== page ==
Microsoft Tech Support Scam
With computers becoming such integral parts of everyday lives, when they break down it can cause a moment of panic. After all, if you think about it, our lives have been captured on our PCs and most of our work revolves around its use. Bills are paid, letters are written, homework and office work is done, and much more is now done through the use of various computer and web-based programs. A great option for many people evolved a few years ago that allowed PC technicians to work on your computer from their office. There's no doubt this saved time, money, and inconvenience but, unfortunately, it didn't take long before scammers caught onto this trick and are now creating havoc in cyberspace.
Although many of these scammers are internationally based, many working from call centers in India, this is not the only place of origination. At UCM in Kansas City, Missouri, Daniel Fowler, 21, was caught after downloading a remote access virus into computer systems throughout campus. Form anywhere on campus he and his friends were able to download personal information from faculty, students, and alumni, transfer money into their school accounts, and even change grades. What was really disturbing to many, however, was the fact that they could turn on web cams and photograph individuals while they were in private locations.
In order to gain access, various methods were used to infect computers including offering to show vacation photos from a thumb drive that had been infected or plugging an infected thumb drive into various computers around campus. Once the virus was downloaded they could then capture users' keystrokes, access confidential files, delete files, move money around, and even crash systems. This pales in comparison, however, to supposed PC tech centers that are run by scammers who can do even more damage.
A recent report by an Australian news agency reported that scammers are calling consumers and saying they are from agencies like Microsoft or Dell. They offer to verify the computer for a presence of viruses. Once users agree, they are directed to a website where they download a remote access program. What this does is give the con artists access to their lives. Once plugged in the scammers have total control of an individual's computer regardless of where they live or where the scammer is stationed.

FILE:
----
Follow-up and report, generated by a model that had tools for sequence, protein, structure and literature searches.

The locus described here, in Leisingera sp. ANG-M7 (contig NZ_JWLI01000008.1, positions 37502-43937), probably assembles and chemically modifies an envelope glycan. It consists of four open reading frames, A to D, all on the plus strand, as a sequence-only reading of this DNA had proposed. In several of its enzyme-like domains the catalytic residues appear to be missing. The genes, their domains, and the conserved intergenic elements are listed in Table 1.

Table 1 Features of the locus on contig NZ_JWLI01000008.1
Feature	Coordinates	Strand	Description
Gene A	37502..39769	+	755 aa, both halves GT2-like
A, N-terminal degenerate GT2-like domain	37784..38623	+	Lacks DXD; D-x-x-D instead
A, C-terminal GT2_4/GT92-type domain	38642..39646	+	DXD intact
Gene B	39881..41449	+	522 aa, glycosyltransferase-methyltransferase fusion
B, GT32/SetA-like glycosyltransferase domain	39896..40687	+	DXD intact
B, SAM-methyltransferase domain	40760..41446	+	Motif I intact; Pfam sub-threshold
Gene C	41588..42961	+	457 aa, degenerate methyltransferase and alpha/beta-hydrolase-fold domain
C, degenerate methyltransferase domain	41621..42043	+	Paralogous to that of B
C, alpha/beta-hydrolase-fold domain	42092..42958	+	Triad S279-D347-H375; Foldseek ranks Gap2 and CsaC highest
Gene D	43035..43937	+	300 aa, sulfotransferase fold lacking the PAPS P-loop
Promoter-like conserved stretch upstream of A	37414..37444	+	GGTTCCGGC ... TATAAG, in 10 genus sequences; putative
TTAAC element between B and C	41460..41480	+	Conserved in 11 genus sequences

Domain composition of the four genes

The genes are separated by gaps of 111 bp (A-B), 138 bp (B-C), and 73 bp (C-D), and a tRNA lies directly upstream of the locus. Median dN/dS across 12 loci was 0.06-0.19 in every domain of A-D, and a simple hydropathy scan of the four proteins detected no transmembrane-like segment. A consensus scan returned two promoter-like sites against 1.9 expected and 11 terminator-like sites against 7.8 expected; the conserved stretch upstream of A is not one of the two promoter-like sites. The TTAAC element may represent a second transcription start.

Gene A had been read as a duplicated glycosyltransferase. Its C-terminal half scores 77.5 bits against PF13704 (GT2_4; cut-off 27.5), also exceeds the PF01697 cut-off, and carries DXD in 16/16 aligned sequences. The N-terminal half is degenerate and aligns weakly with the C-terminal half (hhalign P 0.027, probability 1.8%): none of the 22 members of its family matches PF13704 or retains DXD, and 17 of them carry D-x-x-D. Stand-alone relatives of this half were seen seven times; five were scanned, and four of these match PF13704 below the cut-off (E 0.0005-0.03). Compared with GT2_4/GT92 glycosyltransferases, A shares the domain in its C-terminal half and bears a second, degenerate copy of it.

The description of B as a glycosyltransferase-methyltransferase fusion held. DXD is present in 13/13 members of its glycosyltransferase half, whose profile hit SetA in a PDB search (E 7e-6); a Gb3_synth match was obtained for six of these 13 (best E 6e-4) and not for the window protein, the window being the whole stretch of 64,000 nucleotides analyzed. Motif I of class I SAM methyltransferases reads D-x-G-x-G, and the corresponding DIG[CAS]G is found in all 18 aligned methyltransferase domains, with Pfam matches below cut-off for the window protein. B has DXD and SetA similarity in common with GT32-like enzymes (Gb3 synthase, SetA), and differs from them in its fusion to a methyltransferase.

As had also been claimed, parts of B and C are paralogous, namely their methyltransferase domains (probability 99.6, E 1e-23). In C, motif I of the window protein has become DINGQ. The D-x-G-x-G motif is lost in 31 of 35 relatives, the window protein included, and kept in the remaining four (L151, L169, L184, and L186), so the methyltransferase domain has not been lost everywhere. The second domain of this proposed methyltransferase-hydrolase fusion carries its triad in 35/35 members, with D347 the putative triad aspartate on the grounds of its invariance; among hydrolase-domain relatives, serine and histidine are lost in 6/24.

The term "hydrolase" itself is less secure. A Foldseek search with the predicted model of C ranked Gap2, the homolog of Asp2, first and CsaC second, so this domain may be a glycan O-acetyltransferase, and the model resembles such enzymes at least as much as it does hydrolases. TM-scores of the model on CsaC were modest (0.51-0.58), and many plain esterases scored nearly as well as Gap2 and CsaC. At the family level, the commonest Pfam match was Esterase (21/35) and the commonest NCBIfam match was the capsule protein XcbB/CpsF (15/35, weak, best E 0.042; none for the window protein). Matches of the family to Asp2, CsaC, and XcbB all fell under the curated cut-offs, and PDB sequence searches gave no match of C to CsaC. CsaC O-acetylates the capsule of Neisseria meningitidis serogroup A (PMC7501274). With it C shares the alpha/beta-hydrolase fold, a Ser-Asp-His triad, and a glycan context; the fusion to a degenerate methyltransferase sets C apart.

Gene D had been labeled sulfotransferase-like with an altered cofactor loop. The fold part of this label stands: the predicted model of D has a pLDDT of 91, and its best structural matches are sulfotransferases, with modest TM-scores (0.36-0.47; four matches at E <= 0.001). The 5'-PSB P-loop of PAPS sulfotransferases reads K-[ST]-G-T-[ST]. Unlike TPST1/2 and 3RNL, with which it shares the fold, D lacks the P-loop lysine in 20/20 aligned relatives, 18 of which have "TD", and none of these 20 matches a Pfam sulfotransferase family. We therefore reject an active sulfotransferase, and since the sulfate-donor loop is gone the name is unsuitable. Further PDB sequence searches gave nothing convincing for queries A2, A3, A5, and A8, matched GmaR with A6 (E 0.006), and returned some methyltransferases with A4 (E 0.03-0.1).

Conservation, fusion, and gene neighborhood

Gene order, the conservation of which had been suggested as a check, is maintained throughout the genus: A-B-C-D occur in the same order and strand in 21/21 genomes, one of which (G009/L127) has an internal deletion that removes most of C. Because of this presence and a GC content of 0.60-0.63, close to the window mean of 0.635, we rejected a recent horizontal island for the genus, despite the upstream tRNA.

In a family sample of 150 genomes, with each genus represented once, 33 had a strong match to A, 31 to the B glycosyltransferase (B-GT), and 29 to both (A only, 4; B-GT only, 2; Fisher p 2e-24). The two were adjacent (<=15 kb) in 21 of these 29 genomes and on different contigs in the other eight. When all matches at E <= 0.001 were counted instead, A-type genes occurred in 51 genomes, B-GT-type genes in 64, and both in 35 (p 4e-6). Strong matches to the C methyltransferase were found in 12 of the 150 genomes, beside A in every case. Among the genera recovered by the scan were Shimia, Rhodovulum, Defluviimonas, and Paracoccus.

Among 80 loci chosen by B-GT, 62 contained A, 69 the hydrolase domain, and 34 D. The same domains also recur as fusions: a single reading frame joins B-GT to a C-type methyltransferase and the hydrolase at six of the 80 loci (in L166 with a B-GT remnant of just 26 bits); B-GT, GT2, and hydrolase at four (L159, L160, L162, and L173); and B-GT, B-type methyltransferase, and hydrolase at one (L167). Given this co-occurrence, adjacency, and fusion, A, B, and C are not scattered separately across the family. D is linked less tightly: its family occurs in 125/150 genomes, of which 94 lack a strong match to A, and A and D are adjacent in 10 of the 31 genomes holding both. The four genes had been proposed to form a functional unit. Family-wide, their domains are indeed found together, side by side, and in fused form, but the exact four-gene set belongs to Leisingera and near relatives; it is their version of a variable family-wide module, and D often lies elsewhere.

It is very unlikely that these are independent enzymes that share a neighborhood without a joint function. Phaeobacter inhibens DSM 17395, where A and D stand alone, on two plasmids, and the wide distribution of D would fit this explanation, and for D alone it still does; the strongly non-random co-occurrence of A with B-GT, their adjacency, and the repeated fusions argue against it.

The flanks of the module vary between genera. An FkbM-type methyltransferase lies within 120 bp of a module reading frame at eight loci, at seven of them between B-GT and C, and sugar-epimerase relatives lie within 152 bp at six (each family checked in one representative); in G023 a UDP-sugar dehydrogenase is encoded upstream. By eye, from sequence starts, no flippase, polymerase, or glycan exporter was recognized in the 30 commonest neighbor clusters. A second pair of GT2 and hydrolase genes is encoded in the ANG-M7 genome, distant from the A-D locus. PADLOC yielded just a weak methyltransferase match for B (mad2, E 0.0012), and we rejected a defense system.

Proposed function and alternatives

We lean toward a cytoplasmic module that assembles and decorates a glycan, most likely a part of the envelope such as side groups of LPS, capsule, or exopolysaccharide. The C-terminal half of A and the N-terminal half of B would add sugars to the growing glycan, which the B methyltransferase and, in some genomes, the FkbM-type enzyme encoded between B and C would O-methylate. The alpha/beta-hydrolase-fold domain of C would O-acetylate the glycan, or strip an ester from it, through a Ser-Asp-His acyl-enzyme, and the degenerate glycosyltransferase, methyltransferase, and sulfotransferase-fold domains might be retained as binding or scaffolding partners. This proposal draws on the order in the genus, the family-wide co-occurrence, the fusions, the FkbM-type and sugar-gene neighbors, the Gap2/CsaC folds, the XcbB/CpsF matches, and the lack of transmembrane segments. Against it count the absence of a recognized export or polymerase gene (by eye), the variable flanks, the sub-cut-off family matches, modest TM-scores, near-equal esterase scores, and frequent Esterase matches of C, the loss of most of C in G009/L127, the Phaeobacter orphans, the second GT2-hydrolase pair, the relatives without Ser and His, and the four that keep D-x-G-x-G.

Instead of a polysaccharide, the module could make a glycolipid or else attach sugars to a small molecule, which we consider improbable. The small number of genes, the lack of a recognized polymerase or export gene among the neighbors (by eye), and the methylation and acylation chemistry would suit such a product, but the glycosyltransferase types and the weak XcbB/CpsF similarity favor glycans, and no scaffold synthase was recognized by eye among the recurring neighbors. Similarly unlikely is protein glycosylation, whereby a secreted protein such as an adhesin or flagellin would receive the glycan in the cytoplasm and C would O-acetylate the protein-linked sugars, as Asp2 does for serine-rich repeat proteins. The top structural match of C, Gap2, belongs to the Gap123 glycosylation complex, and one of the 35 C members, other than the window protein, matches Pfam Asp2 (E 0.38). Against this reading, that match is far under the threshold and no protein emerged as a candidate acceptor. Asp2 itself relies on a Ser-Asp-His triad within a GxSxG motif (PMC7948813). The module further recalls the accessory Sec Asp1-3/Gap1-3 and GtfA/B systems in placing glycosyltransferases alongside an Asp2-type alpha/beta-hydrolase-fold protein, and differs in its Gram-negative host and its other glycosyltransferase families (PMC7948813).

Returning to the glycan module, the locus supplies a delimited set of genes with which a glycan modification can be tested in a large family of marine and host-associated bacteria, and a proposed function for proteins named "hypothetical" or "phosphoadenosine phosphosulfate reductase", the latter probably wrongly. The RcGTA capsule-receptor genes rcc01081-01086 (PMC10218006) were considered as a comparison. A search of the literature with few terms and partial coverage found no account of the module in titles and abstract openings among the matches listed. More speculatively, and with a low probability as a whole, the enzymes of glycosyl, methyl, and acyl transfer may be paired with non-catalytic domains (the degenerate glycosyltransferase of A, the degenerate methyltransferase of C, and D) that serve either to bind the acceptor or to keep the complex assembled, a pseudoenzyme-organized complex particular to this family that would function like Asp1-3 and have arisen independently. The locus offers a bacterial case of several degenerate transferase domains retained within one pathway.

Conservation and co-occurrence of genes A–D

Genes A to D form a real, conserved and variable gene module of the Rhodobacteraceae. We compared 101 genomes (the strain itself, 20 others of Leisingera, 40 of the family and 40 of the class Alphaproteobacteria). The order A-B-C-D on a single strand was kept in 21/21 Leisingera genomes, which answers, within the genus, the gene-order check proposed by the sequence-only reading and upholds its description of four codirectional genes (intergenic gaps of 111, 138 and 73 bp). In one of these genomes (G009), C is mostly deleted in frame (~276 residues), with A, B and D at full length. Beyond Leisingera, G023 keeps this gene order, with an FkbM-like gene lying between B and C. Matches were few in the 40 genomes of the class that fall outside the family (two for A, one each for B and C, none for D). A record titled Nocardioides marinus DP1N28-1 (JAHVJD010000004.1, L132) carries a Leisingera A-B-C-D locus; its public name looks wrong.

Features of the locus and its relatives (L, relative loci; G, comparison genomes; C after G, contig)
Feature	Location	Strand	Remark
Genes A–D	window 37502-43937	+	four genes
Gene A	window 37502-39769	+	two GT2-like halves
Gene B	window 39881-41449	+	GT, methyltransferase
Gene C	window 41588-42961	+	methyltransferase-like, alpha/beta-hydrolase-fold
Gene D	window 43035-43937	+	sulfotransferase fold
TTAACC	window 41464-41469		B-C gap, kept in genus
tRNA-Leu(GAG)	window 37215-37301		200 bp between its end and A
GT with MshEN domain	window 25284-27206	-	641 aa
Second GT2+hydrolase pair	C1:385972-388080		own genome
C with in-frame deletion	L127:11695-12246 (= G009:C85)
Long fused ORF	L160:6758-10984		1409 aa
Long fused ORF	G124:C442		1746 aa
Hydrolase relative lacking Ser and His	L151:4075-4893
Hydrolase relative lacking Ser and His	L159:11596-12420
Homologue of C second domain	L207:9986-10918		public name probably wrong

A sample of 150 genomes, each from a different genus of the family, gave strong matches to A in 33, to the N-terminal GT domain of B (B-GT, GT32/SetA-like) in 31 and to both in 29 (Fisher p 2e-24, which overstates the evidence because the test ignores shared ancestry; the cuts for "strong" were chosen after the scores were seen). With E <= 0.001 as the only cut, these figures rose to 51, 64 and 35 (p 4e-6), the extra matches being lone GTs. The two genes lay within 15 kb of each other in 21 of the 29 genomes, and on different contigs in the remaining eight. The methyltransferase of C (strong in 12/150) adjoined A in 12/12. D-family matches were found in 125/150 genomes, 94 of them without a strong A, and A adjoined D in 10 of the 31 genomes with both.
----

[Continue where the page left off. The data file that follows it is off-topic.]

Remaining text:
During the newscast, which can be viewed on YouTube, the users' cursor danced across the screen without the individual ever touching a key or mouse. Files were deleted, programs downloaded, and secure accounts accessed while viewers watched. This was possible because the scammers, once in a system can see every keystroke an individual makes. If you access your bank account, they can see it along with your password and secret code and there is nothing they can't do. In essence, the computer thinks they are you.
In Fowler's case he was caught and is now being prosecuted by the FBI Cyber Crimes unit. As for those who are internationally based, they are much more difficult to catch and stop especially since international governments, such as the case in India, have yet to respond to requests for assistance. The result is, victims are losing thousands of dollars along with their identities.
The FBI warns computer users to be wary of anyone who suggests establishing a remote access for any reason. Microsoft and Dell have also issued warnings stating they never call computer owners and would never suggest remote access as it makes an individual too vulnerable. For those already involved in this type of scam, the FBI states the only thing you can do is reformat the computer because once your computer is infected, it can rarely be cleaned.
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